A Clumsy Couple: The Problem of Applying Model Rule 1.7 in Transactional Settings

Volume 96

By: Katelyn K. Leveque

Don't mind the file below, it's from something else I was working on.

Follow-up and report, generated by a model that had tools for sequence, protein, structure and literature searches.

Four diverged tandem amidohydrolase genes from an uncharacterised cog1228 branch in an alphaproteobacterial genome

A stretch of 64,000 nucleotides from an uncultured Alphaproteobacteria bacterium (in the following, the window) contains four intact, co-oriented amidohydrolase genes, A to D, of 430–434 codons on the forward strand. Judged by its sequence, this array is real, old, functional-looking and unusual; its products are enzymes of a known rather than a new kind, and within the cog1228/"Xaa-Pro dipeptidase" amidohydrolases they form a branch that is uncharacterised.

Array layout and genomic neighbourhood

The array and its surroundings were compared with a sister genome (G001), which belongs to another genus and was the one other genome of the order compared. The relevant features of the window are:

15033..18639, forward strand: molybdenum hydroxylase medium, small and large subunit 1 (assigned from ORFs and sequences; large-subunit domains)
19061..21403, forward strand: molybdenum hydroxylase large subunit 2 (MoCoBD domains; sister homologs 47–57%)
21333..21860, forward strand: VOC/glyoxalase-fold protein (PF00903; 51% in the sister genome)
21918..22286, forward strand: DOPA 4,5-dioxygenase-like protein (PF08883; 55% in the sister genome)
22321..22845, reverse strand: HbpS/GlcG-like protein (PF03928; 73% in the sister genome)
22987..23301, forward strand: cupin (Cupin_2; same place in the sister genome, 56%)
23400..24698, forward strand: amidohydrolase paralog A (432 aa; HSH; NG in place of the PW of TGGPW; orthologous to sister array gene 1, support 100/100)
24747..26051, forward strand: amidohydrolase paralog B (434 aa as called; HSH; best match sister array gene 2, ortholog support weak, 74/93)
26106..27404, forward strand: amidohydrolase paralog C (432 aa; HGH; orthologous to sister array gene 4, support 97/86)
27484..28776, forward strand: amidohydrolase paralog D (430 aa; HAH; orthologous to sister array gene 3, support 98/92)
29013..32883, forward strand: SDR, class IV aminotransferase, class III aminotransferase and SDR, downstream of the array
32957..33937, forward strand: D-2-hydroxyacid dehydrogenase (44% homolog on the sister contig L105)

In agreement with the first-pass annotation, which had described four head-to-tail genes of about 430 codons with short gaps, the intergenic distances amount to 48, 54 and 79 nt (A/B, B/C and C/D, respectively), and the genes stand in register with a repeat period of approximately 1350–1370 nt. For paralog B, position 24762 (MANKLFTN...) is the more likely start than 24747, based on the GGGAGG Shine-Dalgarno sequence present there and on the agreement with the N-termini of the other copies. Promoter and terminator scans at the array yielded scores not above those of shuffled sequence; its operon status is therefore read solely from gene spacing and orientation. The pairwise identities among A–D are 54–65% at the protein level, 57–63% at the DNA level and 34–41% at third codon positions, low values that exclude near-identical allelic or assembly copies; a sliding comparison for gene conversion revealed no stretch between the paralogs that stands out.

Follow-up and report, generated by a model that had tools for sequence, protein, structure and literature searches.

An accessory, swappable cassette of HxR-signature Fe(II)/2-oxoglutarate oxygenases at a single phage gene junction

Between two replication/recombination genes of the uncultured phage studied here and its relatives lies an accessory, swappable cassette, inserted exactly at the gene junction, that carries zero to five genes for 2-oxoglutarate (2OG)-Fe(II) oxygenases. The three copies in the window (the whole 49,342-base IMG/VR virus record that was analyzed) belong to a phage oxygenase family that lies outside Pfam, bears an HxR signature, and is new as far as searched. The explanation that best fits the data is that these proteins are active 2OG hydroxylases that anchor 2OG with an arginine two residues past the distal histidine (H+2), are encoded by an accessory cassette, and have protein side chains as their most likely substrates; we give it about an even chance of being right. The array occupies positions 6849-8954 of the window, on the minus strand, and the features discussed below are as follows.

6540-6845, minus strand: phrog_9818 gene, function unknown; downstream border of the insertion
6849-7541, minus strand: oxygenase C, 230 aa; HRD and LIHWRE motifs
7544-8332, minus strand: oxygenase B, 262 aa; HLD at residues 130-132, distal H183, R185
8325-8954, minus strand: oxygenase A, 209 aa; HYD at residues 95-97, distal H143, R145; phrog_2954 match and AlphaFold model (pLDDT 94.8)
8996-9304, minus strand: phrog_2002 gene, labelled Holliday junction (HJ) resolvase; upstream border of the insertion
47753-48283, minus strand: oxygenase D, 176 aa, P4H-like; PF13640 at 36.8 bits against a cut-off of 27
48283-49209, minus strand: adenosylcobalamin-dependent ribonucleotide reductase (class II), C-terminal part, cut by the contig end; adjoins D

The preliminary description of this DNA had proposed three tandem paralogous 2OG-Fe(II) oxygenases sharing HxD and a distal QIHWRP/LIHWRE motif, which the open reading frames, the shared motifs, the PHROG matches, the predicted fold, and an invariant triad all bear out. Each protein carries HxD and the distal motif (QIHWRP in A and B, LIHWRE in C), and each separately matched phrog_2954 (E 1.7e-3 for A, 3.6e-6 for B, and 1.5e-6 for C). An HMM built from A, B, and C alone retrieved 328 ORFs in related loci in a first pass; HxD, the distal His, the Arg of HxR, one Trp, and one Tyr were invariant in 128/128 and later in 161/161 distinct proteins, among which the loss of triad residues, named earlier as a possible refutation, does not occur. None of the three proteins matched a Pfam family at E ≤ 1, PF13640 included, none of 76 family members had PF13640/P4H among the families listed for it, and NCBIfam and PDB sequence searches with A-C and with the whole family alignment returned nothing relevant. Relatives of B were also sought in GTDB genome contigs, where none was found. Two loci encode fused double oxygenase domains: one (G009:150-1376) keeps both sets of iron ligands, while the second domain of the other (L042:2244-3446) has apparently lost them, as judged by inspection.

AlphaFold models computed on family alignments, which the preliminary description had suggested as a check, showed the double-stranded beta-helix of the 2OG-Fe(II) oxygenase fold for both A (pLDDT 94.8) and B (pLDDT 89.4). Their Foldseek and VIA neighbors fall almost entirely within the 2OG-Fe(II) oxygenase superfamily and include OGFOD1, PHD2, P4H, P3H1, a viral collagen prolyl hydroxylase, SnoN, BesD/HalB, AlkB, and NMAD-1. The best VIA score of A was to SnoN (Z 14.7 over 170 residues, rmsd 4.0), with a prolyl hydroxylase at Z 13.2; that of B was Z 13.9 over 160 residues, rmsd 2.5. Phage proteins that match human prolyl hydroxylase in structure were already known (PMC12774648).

The American Bar Association’s Model Rules of Professional Conduct (“Model Rules”) have long addressed conflicts of interest, with fluctuating degrees of stringency.1 For as long as the rules have been in place, legal scholars have grappled with how lawyers can work within the confines of the rules to serve their clients best, as well as how the rules might better align with what clients seek and expect from their legal representation. In their current form, the Model Rules address conflicts of interest in Rule 1.7. However, both this rule and the Model Rules more generally are not one size fits all. The Model Rules were written largely with litigators in mind, and thus applying them to transactional matters is often awkward and tenuous.2 In this Note, I will argue that Model Rule 1.7 should be amended to account for the differences in the ways that litigators and transactional attorneys should and do conceptualize conflicts of interest in their practices. Part I outlines the history of Rule 1.7 and its predecessors, and walks through Rule 1.7 and the comments as they exist today. Part II details the reasons that legal scholars argue Rule 1.7 is a valuable and necessary rule. Part III describes the incongruities between Rule 1.7’s parameters and the realities of transactional lawyering. Part IV discusses solutions that have been put forward to make up for the drawbacks of Rule 1.7 in its current iteration. Finally, Part V offers my proposed solution to the problem of applying Rule 1.7 to transactional matters: amend the rule and create subparts that pertain specifically to transactional lawyers, who have less need for a ban on conflicts of interest.

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